Researchers have identified ADHD as a comorbidity in some cases of visual snow.

Can visual snow be the result of hallucinogenic drugs?

The visual distortions of visual snow can resemble the “flashbacks” some experience from taking psychedelic drugs, but they are distinct phenomena. In early research on visual snow, hallucinogenic flashbacks were considered a possible cause of the condition, but researchers have come to believe the two have little or nothing to do with each other.


There is currently no consistently effective treatment for visual snow. Instead, treatment has focused on mitigating the accompanying symptoms.

Medications, like anti-seizure or anti-epileptic drugs, may provide some relief of the symptoms. Tinted glasses that filter out certain colors of light or sunglasses may help with light sensitivity. Transcranial magnetic stimulation, a treatment option for migraine, has been used with mixed results.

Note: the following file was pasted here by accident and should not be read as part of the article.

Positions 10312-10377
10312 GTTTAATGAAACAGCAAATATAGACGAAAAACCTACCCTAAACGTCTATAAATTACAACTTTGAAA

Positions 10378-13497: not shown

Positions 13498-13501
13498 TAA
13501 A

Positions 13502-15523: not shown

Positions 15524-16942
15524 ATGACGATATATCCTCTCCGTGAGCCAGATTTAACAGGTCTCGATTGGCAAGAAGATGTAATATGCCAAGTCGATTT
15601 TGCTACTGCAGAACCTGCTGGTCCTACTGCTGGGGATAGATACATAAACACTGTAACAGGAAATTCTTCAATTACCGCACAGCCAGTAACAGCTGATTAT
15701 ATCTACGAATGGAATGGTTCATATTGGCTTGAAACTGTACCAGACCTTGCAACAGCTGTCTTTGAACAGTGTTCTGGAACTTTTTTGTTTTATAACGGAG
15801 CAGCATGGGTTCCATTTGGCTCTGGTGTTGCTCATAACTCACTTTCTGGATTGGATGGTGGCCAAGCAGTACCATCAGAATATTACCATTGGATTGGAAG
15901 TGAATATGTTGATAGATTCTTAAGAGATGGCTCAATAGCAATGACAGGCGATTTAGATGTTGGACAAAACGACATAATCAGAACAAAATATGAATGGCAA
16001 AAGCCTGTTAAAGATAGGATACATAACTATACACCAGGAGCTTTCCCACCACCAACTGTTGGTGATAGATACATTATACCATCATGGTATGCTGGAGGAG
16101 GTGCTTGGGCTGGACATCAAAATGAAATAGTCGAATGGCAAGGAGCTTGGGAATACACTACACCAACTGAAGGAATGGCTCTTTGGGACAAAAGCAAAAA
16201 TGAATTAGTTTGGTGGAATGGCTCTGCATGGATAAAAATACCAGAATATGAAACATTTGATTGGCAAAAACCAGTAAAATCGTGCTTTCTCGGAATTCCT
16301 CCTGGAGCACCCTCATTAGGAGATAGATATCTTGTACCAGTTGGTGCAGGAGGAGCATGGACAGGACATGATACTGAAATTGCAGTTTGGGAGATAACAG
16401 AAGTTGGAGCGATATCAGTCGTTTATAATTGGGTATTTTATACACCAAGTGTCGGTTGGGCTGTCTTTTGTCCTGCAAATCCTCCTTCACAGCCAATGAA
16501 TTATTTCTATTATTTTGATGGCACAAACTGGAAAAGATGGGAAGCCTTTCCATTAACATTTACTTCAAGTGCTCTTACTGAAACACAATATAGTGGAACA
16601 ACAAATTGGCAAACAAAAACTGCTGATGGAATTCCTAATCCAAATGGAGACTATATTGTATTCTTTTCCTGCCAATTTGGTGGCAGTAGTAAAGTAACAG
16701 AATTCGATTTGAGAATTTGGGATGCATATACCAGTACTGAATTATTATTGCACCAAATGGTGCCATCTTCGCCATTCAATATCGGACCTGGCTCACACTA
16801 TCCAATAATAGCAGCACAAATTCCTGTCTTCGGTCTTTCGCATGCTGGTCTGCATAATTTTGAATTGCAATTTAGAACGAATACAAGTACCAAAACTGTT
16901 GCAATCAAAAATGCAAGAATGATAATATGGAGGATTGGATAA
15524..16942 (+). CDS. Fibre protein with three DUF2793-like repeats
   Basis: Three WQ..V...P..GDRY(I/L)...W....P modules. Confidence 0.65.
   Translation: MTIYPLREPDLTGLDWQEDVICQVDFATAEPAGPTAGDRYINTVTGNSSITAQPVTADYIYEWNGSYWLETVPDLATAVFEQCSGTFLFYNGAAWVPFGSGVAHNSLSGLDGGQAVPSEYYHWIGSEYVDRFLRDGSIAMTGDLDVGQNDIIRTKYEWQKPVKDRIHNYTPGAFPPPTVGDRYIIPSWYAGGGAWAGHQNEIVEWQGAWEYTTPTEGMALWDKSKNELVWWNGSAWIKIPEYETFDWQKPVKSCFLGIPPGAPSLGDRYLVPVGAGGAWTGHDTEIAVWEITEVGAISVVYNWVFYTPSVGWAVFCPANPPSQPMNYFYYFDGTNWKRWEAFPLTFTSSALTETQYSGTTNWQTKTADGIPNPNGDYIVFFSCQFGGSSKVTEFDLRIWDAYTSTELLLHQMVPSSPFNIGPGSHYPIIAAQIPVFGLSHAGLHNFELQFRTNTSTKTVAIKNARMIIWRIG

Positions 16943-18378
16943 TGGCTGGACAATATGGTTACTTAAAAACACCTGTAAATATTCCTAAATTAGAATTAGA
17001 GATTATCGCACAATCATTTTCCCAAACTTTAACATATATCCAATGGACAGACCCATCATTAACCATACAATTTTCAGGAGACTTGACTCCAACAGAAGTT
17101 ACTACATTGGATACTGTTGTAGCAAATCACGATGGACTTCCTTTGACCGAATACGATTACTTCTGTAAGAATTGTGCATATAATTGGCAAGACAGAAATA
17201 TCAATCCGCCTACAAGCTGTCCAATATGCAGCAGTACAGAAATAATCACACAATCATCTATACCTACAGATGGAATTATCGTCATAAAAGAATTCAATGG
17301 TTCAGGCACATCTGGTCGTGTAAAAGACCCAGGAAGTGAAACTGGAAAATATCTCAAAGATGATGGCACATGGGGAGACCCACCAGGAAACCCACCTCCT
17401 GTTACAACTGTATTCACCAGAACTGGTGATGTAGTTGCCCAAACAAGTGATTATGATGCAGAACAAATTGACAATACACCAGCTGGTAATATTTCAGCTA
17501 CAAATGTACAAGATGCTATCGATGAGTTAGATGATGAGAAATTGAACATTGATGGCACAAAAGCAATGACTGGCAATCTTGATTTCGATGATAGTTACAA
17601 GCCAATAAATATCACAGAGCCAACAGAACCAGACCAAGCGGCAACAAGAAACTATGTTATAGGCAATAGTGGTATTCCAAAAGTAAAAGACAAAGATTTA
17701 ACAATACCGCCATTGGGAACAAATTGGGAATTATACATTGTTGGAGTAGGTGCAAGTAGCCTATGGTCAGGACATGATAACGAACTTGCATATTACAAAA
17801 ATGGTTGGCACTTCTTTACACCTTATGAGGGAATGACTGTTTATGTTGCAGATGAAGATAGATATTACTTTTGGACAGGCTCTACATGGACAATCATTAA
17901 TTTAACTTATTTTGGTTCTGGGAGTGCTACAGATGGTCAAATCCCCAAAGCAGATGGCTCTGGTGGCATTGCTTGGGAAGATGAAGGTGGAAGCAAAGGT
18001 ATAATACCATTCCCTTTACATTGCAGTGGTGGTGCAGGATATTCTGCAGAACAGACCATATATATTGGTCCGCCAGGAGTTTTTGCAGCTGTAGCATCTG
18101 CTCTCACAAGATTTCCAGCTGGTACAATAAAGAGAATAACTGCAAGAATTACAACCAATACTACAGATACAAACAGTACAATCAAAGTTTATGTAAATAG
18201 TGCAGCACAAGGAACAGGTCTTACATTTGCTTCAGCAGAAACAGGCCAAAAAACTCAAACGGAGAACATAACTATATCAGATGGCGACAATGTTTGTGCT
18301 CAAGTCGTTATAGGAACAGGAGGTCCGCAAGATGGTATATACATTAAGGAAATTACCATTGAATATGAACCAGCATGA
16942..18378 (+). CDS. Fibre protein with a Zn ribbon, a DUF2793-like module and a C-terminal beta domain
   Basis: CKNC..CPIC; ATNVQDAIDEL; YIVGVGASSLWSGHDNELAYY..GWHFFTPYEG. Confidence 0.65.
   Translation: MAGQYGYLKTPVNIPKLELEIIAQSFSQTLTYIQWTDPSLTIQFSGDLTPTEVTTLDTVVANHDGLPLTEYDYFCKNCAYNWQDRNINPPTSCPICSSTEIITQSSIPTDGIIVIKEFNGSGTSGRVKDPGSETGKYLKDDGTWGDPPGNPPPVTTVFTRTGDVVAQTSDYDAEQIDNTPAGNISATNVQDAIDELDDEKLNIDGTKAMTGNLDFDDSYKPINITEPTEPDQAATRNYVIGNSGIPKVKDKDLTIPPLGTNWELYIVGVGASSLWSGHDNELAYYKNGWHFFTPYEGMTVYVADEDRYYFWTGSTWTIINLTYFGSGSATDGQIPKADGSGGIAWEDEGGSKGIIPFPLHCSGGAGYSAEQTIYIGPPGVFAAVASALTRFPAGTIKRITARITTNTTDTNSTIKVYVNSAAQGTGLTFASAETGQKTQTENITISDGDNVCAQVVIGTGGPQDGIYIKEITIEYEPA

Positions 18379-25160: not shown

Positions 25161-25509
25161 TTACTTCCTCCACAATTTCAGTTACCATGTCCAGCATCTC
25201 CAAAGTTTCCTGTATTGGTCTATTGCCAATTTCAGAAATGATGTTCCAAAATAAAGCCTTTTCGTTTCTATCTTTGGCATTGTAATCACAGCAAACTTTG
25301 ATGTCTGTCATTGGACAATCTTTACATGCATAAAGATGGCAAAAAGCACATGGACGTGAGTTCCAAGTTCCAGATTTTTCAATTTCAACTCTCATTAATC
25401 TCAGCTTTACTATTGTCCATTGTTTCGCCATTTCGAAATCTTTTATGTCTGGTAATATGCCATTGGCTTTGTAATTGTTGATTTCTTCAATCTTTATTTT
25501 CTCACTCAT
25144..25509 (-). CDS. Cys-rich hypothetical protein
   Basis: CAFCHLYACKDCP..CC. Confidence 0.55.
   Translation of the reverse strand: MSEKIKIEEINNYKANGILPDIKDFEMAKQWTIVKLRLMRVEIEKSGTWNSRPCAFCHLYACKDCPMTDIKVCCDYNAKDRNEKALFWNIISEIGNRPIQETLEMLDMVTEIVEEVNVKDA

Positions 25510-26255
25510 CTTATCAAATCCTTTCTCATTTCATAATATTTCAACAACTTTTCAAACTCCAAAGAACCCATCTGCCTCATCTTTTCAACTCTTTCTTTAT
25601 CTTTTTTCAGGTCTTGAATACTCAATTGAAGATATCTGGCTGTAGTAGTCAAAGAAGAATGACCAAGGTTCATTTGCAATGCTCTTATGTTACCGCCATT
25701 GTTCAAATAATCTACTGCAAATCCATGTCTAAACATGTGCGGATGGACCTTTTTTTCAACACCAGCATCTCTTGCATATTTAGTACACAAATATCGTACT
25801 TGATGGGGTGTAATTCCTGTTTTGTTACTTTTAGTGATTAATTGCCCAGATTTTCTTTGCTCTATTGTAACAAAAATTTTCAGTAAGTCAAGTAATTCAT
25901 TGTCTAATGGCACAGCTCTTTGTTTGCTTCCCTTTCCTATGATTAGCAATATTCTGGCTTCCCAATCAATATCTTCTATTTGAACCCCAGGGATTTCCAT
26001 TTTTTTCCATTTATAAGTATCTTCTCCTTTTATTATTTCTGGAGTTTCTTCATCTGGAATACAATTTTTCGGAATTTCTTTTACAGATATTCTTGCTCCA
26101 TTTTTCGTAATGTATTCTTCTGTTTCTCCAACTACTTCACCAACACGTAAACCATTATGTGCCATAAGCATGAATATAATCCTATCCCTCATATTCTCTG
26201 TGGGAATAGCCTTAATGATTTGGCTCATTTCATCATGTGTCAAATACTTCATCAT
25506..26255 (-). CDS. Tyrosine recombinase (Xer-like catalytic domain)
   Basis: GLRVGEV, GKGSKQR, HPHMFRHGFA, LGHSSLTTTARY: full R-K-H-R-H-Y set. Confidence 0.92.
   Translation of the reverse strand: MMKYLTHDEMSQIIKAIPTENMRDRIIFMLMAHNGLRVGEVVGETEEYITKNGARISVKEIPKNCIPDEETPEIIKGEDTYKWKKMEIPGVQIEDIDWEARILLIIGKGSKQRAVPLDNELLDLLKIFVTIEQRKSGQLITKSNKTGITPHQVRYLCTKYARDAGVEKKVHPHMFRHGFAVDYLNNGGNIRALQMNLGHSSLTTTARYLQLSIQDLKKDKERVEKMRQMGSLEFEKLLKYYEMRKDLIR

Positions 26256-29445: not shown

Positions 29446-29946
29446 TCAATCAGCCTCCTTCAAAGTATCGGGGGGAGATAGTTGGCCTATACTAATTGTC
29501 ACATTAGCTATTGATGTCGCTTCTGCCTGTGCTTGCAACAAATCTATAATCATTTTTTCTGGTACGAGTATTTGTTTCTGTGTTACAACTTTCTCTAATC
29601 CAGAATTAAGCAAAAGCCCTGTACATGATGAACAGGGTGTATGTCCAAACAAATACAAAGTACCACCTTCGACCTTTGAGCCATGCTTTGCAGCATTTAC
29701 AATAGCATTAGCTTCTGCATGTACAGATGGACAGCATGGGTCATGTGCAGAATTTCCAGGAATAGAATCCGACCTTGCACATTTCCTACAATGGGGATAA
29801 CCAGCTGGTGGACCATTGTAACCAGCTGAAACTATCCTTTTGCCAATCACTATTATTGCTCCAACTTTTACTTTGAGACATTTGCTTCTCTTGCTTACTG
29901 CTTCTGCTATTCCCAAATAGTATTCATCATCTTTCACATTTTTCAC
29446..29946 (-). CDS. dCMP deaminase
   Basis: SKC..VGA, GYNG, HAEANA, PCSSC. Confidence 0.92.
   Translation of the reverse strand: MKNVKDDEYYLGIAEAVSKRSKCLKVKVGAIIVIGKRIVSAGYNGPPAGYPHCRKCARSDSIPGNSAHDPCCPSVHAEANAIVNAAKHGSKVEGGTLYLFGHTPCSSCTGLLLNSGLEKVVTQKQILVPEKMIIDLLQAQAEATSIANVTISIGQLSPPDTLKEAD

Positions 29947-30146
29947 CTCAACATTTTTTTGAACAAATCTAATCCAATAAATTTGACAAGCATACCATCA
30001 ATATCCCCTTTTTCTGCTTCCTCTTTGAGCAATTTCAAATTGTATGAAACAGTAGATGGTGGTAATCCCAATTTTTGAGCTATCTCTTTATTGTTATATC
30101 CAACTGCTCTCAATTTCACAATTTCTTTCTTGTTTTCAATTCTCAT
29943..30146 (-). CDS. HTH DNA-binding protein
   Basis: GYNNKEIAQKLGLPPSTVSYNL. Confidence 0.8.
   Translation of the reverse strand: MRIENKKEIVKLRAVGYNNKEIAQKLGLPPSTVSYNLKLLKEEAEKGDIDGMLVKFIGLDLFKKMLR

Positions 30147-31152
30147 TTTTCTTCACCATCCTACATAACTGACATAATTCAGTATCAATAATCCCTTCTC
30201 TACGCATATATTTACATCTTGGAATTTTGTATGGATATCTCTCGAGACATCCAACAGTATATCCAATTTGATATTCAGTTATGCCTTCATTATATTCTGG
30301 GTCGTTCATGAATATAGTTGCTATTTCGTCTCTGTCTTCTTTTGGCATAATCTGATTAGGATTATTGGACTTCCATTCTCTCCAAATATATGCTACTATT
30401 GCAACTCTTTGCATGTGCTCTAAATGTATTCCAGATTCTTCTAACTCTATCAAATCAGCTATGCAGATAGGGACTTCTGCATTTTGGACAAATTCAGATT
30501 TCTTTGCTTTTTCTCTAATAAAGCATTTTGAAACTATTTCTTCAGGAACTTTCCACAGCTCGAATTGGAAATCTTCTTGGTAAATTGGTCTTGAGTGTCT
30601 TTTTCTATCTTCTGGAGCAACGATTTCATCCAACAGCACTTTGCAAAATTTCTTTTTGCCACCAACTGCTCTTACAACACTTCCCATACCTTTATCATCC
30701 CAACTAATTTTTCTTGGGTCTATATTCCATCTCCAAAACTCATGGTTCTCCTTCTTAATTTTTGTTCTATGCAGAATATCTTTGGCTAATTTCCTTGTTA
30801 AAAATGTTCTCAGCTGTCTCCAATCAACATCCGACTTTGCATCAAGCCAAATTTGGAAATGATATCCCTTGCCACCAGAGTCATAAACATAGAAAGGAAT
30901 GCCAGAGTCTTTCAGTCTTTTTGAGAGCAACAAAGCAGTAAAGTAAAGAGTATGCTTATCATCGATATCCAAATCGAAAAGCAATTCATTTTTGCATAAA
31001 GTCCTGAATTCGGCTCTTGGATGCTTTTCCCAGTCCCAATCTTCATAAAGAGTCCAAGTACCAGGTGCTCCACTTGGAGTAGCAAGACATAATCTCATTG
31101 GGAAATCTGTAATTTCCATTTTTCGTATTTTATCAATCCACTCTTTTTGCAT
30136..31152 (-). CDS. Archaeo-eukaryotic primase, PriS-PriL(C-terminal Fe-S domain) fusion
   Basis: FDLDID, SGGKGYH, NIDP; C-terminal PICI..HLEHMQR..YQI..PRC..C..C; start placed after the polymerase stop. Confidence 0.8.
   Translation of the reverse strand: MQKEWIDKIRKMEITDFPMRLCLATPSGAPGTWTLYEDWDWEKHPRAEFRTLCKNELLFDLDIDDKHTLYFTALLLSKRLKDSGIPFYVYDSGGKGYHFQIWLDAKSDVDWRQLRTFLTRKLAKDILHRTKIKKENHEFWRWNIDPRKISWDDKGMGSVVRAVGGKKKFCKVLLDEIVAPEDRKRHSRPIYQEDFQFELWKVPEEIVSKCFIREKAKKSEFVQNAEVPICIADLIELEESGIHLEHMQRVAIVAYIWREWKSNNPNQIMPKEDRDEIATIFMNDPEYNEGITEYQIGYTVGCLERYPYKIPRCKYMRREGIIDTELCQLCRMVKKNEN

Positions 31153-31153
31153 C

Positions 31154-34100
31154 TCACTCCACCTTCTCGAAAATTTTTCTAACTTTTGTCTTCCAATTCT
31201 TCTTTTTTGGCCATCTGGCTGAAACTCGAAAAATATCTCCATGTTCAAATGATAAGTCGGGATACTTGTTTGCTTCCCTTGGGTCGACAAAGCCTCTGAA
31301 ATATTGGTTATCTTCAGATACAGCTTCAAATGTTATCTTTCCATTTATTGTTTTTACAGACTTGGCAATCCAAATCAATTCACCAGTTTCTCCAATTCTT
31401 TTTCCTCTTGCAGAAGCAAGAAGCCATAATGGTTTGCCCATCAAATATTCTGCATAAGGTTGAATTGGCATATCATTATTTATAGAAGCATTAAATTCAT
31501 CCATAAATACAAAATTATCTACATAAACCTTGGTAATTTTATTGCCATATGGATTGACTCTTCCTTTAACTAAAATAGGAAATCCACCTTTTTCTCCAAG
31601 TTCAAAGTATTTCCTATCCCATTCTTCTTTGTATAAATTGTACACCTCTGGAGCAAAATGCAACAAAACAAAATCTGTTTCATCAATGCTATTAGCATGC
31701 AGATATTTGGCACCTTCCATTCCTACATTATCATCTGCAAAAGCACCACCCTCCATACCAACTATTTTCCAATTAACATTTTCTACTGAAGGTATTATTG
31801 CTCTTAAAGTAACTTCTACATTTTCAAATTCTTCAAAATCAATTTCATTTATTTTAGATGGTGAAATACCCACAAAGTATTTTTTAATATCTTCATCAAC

Antidepressants and anxiolytic drugs may be prescribed to relieve psychiatric symptoms, and medications have also been prescribed to alleviate poor sleep. Talk therapy, including cognitive behavioral therapy (CBT), can help patients cope. CBT is a frontline treatment for tinnitus, a related condition. A focus on diet, exercise, and other self-care changes can help improve the symptoms of depression and anxiety, as well as poor sleep.

Does visual snow ever go away?

Visual snow is lifelong but not everyone with the condition experiences it all the time. Those with milder presentations may experience it only in certain environments, such as in bright or low light.

Solly, E. J., Clough, M., Foletta, P., White, O. B., & Fielding, J. (2021). The Psychiatric Symptomology of Visual Snow Syndrome. Frontiers in Neurology, 12.
Fraser, C.L. Visual Snow: Updates on Pathology. Curr Neurol Neurosci Rep 22, 209–217 (2022).
Puledda, F., Schankin, C., & Goadsby, P. (2020). Visual snow syndrome A clinical and phenotypical description of 1,100 cases. Neurology.
Last updated: 01/26/2024